Welcome! This is a Non-Political and a Non-Profit site (to include its authors and contributors) and does not subscribe to any revisionist organizations. This site is only to explore the combat role and history of the European Waffen-SS in World War II. Enlistment rolls show that a total of 950,000 men (German and foreigners) served in its ranks between 1940 and 1945. This blog contains a collection of real events and information on these volunteers for historical research and documentation.
ϟϟ-Obersturmbannführer der Waffen-SS Hermel
SS-Obersturmbannführer Heinz Hermel
Heinz Harmel (June 29 1906 – September 2 2000), the son of a soldier, was born in Metz. Intent on following his father, he joined the SS in 1935. Harmel led the 9.Kompanie of the Austrian SS-Standarte Der Führer during the campaign in the Low Countries and France. In January 1941 he was given command of II.Bataillon of his regiment, which he led through the Balkan campaign, being promoted to SS-Sturmbannführer in April 1941. Operating on the central sector of the Eastern Front after the launch of Operation Barbarossa, Harmel was decorated with the German Cross in Gold on November 29 1941. In December 1941 he was given command of SS-Infantry Regiment Deutschland (SS-Infanterie-Division Reich). His success was recognized by promotion to SS-Obersturmbannführer in June 1942. During the attack that regained Kharkov in March 1943, Harmel personally launched a successful nighttime counter-attack on his own initiative, leading a combined force of tanks and armoured infantry; during this action he single-handedly destroyed a Soviet tank. This exploit brought Harmel the Knight's Cross on 31 March 1943, and on April 20 1943 he was promoted to SS-Standartenführer. Harmel was an inspirational leader, always in the thick of the fighting with his men, and was greatly admired and trusted. On September 7 1943 he received the Oakleaves to the Knight's Cross, and was also awarded the Close Combat Clasp in Silver.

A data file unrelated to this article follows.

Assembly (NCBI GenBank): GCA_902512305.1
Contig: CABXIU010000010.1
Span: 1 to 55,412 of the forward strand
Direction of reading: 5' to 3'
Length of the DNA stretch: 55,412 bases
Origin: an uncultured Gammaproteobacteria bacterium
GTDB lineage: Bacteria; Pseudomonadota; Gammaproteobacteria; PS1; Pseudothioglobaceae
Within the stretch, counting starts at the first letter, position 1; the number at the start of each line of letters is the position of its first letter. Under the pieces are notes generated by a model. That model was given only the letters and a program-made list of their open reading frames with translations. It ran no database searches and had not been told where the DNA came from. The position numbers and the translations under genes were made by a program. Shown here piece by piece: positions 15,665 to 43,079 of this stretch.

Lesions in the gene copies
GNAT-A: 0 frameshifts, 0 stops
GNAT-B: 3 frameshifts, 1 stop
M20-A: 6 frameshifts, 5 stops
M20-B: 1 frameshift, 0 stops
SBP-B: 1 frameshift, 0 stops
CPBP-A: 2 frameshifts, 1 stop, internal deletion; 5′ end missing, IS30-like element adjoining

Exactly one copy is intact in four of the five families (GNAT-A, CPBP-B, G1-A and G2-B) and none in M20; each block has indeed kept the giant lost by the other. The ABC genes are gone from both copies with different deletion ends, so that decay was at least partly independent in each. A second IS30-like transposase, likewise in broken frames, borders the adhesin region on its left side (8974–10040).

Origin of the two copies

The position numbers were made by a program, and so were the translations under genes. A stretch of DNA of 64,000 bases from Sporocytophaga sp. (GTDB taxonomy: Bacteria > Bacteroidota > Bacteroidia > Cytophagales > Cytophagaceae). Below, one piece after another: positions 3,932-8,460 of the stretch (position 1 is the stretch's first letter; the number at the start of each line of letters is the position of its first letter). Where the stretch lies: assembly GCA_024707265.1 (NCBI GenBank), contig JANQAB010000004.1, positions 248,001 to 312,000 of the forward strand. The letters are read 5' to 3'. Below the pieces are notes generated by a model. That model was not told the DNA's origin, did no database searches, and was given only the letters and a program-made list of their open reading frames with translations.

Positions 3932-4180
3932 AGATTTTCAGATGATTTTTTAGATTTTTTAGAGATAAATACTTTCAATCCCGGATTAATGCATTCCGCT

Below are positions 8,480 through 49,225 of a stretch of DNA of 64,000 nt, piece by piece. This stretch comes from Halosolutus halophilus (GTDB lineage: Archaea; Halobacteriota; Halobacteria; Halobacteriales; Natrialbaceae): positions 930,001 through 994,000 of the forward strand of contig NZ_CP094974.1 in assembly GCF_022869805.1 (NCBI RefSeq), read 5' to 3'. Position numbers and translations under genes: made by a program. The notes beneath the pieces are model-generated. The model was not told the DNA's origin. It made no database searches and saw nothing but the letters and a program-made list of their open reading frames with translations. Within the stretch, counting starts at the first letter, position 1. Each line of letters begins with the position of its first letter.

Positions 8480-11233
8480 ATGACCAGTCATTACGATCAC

SS-Brigadeführer Heinz Hermel
In the spring of 1944 Harmel was appointed to command the recently formed 10.SS-Panzer-Division Frundsberg and saw action in the relief of the German pocket around Tarnopol in March-April 1944, before being rushed back to the West following the Allied landings in Normandy. After suffering badly from Allied air strikes on its way to the front, Harmel's division went into action on June 30 1944 against the British Operation Epsom. The Frundsberg fought most effectively in the see-saw battles during July and August 1944, being fortunate to escape over the Dives River before the final closing of the Falaise Pocket. Withdrawing into Holland, the division was resting between Arnhem and Nijmegen in September 1944 when the Allied Operation Market Garden sent them back into action. Harmel played an energetic part in defending the Waal Bridge at Nijmegen, and thereafter slowing the Allied advance along Hell's Highway. For his part in the defeat of the airborne operation Harmel was awarded the Swords to the Knight's Cross on December 15 1944. Harmel's command was one of the last to surrender and did so to the British forces in Austria in May 1945. He was a prisoner of war in the United Kingdom for two years. Upon his release, he returned to Germany and worked as a sales representative. A highly respected soldier; in fact, in 1984 Heinz Hermel was awarded the Medal for Franco-German Reconciliation by the town of Bayeux, Normandie, around which his division 10.SS-Panzer-Division Frundsberg had fought 40 years previously. He also developed a post-war friendship with Major General John Frost, against whose British paratroopers he had fought at Arnhem; Harmel had personally authorized a ceasefire to allow the collection of British wounded from the battlefield, and ensured their decent treatment thereafter. Knight's Cross holder Heinz Harmel maintained close links with his former SS-Grenadiers and was a very active participant in the postwar Waffen-SS veteran's organization, taking a personal interest in their welfare. He died in retirement in September 2000. Credit: George Mai. Images: SS-Obersturmbannführer Heinz Hermel in the Ukraine summer of 1943 and SS-Brigadeführer und Generalmajor der Waffen-SS Heinz Hermel in December 1944. Commons: Bundesarchiv.